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Tim Green

Companies Crank Up Security Spending to Fight Cyber Attacks

by Tim Green | Dun & Bradstreet Editor

January 11, 2016 | No Comments »

hands typing on backlit keyboardThe IRS informed my wife and me that we were victims of identity theft with our 2014 federal income tax return. The agency got a return from us and someone pretending to be us. The IRS figured our return was the right one because we sent a check with our return and the identity thief wanted a refund.

We got off pretty easy (so far), but consumers and companies have been victims of increasing hacker attacks. About 60% of companies responding to a SecureAuth survey said they had been hacked in 2015. Notable attacks during the year included T-Mobile (via an Experian problem), Anthem health insurance, ScottTrade, and Ashley Madison as well as government agencies such as the US Office of Personnel Management and, of course, the IRS. And don’t forget the Sony attack in late 2014.

What are companies doing to fight the cyber security battle?

For one thing, they’re going to spend more money on it. Two surveys indicate that information technology managers in corporate America will ramp up their budgets to guard against security breaches in 2016.

In the SecureAuth survey, 95% of respondents said they think that their companies will increase security spending in the next year. Some 44% of that number expect spending to rise 20% or more.

Some 44% of respondents to a 451 Research survey said their companies would boost security spending. Respondents to that survey indicated a concern beyond money, with 44% citing a lack of expertise in dealing with cyber security and about 28% worried about inadequate staffing.

It might not be surprising that the IT folks — some 62% in the SecureAuth survey — say that protecting against breaches costs less than dealing with the aftermath. But 87% say that their company frequently chooses to facilitate user experience at the expense of better security.

Breaches not only occur more often, they’re getting more expensive to deal with. The per-company cost rose 23% from 2014 to 2015 to about $3.8 million, according to a survey from the Ponemon Institute. The cost per customer increased 6% to $154 in 2015 from $145 in 2014.

For those putting more money into security, there are plenty of providers ready to take it.

The research firm Cybersecurity Ventures predicts that spending on security will increase to $170 billion in 2020 from $77 billion in 2015. The company released its listing of 500 cybersecurity companies around the world in December.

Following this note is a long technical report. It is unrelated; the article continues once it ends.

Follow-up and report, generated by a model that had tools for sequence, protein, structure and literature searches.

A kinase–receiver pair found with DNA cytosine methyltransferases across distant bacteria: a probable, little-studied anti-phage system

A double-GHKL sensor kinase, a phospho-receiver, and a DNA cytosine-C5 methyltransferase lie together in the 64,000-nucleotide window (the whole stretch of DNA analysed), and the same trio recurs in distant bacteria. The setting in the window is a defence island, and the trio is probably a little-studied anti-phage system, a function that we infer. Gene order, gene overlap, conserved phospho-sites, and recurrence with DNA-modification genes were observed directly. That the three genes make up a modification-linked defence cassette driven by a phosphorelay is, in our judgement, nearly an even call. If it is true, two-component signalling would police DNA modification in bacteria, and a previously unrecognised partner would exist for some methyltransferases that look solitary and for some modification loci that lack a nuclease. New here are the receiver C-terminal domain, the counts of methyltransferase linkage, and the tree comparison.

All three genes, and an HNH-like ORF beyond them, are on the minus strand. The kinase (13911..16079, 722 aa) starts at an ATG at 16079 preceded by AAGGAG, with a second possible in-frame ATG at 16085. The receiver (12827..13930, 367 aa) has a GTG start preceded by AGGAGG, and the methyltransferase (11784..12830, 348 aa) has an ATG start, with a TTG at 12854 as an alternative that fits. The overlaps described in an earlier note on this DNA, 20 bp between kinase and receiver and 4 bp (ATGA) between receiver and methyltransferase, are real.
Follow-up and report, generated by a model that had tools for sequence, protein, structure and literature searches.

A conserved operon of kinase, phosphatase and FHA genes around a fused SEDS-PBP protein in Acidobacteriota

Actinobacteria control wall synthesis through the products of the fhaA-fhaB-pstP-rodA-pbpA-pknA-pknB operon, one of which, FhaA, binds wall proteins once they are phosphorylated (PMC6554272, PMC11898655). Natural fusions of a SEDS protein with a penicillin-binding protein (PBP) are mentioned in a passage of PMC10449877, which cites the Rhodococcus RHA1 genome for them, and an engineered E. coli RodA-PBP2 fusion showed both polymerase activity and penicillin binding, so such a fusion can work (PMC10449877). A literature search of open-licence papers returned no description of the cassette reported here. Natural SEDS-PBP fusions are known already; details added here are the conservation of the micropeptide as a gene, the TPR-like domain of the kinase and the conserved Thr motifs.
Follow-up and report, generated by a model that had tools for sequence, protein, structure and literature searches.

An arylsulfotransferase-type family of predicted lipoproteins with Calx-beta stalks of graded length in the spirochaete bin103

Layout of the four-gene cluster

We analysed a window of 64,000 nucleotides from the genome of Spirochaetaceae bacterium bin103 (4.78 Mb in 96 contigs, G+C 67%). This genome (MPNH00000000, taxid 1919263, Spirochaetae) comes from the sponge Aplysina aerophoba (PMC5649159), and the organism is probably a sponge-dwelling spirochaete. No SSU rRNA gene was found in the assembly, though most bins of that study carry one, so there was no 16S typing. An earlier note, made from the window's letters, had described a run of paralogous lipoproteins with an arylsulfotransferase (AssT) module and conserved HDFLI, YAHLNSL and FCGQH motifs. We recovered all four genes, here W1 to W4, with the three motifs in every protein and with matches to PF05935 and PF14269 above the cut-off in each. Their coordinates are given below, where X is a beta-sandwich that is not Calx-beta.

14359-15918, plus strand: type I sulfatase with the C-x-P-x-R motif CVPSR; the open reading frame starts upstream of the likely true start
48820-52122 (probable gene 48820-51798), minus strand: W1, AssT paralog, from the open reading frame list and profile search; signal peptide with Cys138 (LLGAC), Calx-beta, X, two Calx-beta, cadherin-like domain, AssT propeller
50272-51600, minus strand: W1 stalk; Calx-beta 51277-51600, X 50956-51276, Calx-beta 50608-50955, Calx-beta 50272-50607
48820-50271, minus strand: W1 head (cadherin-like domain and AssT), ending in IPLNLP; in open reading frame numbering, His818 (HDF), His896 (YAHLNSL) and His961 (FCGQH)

Security firms such as Palo Alto Networks and FireEye are getting a good share of those security dollars.

Palo Alto Networks posted $928 million in revenue in 2015 (ended July), a 55% increase from 2014. The company posted a net loss of about $165 million in 2015, down from a $264 million loss in 2014.

FireEye’s revenue increased 163% to $425.6 million in 2014, and it eclipsed that amount in the first three quarters of 2015 with revenue of $438 million. It too loses money, racking up $401 million in losses in the first nine months of 2015.

Venture capitalists have been hot on security companies. Cybersecurity firms raised $1.9 billion in venture capital in 2014 and another $1.2 billion in the first half of 2015.

Another indication that security providers are trending higher is Dell Inc.’s decision to make its cybersecurity unit, SecureWorks, the first of what could be several spinoffs as Dell proceeds with its acquisition of EMC.

An SEC filing for an IPO showed that SecureWorks had $262.1 million in revenue in fiscal 2015 (ended January), up 27 percent year from $205.8 million in 2014. Revenue was $254 million through the first three quarters of 2016. The company posted net losses of $38.5 million in 2015 and $44.6 million in 2014.

While companies increase their budgets, there are less expensive steps consumers can take to protect themselves. Use strong passwords, use two-step verification, and make sure you’ve got your own security software.

It’s probably cheaper than sending a check to the IRS. Believe me.

Tim Green has covered business, technology and science at newspapers and in higher education. At Hoover’s he covers computers and telecommunications. Follow him on Twitter.


Photo by Wikimedia Commons User @Colin, used here under a Creative Commons license

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